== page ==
THROUGH THE WOODS: The importance of clouds

Photo contributed

SUMMER AND GOOD WEATHER meant lots of work and hectic times on our farms. Farmers always have an eye on the weather, and this was instilled in us at a young age. When work was done, and we had a play time we often took a rest and lay on our backs in the grass and looked up at the sky. Up there is an ever-changing scene and on a clear day with big puffy clouds it was irresistible not to search for animals, people or other shapes lurking in those clouds. By the time we argued over whether it was a horse, a cow, or a dog, it would transform and the whole thing was gone. Our imaginations went wild, and it was always a fun form of entertainment.

My grandfather kept our attention with his sayings and ways of predicting weather, and he constantly said them until we were sure to know them. We learned the high, wispy mare’s tails clouds that predicted rain within about a day. A mackerel sky had slightly lower clouds that looked kind of spotty and meant it would rain in less than 24 hours, particularly if the cows were lying down in the field. If there was a “red sky in the morning, sailors take warning” and if there was a “red sky at night, sailors delight.” Those red skies in the morning often brought bad storms by late afternoon.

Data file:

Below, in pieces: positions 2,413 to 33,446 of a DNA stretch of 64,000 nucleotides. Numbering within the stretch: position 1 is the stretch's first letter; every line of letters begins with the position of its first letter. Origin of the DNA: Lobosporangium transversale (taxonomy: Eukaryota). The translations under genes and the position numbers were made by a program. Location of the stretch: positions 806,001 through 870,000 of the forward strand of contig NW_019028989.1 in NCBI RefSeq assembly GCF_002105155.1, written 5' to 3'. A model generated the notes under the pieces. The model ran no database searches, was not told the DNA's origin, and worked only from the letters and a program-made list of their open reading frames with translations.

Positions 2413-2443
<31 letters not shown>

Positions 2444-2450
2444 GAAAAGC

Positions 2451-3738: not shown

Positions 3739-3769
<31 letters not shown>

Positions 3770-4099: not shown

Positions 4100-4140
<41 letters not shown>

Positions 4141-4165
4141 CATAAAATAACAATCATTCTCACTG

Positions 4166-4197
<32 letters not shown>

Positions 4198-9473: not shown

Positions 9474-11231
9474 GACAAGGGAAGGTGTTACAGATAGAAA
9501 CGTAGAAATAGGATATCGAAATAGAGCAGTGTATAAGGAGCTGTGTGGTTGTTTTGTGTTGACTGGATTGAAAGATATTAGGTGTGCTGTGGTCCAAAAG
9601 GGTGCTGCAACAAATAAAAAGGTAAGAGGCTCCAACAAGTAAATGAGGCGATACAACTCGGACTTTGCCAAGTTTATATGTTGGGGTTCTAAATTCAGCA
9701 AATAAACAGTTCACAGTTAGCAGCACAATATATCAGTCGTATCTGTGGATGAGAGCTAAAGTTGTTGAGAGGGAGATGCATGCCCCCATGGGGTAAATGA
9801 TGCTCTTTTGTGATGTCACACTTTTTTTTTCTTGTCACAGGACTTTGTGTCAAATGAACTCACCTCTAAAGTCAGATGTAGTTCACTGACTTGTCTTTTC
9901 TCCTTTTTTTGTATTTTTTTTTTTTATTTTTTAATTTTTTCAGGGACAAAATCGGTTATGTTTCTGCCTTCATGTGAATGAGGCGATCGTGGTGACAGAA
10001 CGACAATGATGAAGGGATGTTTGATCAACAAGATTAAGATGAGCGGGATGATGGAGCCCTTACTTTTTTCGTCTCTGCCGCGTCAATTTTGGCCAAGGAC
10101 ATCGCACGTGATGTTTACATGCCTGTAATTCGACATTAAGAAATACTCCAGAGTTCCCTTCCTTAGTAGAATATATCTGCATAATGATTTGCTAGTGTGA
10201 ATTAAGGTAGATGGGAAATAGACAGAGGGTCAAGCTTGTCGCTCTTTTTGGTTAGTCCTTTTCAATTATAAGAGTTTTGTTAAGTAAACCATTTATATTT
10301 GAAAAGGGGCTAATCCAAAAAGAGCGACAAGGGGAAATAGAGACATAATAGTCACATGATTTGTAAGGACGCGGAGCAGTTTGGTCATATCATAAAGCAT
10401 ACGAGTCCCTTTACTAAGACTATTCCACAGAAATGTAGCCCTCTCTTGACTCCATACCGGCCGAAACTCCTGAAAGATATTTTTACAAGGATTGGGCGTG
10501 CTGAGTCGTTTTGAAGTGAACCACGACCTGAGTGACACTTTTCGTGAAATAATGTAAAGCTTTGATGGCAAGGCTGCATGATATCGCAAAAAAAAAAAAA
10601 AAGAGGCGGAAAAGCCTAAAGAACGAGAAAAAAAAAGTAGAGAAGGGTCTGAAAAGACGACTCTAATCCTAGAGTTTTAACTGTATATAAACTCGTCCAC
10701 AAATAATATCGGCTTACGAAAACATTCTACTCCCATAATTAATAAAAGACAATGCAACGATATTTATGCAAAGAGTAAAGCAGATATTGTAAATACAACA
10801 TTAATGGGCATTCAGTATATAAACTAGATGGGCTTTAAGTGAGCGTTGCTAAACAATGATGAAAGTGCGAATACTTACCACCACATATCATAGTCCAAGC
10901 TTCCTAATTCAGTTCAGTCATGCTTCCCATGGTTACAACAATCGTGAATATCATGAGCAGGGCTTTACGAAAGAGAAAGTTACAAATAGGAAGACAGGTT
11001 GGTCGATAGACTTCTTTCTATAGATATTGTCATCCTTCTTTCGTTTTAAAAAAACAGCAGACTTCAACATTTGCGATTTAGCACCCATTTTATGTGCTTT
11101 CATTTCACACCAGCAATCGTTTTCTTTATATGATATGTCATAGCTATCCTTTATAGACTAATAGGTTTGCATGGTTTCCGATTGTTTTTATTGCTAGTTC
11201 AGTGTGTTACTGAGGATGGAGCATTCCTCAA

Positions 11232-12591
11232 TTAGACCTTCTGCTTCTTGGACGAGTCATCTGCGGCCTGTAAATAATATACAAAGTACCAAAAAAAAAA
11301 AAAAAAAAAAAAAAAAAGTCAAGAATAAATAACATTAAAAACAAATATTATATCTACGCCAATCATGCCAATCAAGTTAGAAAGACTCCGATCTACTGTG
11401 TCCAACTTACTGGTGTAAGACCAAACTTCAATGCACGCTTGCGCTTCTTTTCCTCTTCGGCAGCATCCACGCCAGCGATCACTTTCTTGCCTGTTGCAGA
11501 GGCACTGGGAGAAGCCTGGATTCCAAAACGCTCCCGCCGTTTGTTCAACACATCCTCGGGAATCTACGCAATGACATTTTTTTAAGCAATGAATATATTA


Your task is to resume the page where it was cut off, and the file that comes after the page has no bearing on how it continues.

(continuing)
During the day we watched the sky and checked the wind direction to see if thunderheads were building up or a sudden change in wind might clue us to coming rain. Then we would be racing to cover the loads of hay with heavy canvas tarps and tie them down tight to the wagon posts. At the same time, the men would be baling up dry hay and trying to get it into the wagons and into the barn. We all had a job at these times. I usually got to climb the wagons and tie the canvasses. As I got older, I might have been raking the hay for the person baling or hauling hay back to the barns. During this we always watched the sky. We had to fill the barns with hay each year so there would be enough hay for the cattle during the winter. It was vital to our existence. If the dry hay got wet, it would turn black and mold which made it inedible or could possibly make us and the stock sick to breathe it. Another problem was that damp or green hay could spontaneously combust and burn down a barn. If the black ruined hay was left on the field, it would smother the grass beneath it and decrease the amount of hay obtained at the next cutting. In a good year we might get three crops of hay from a field. Read more…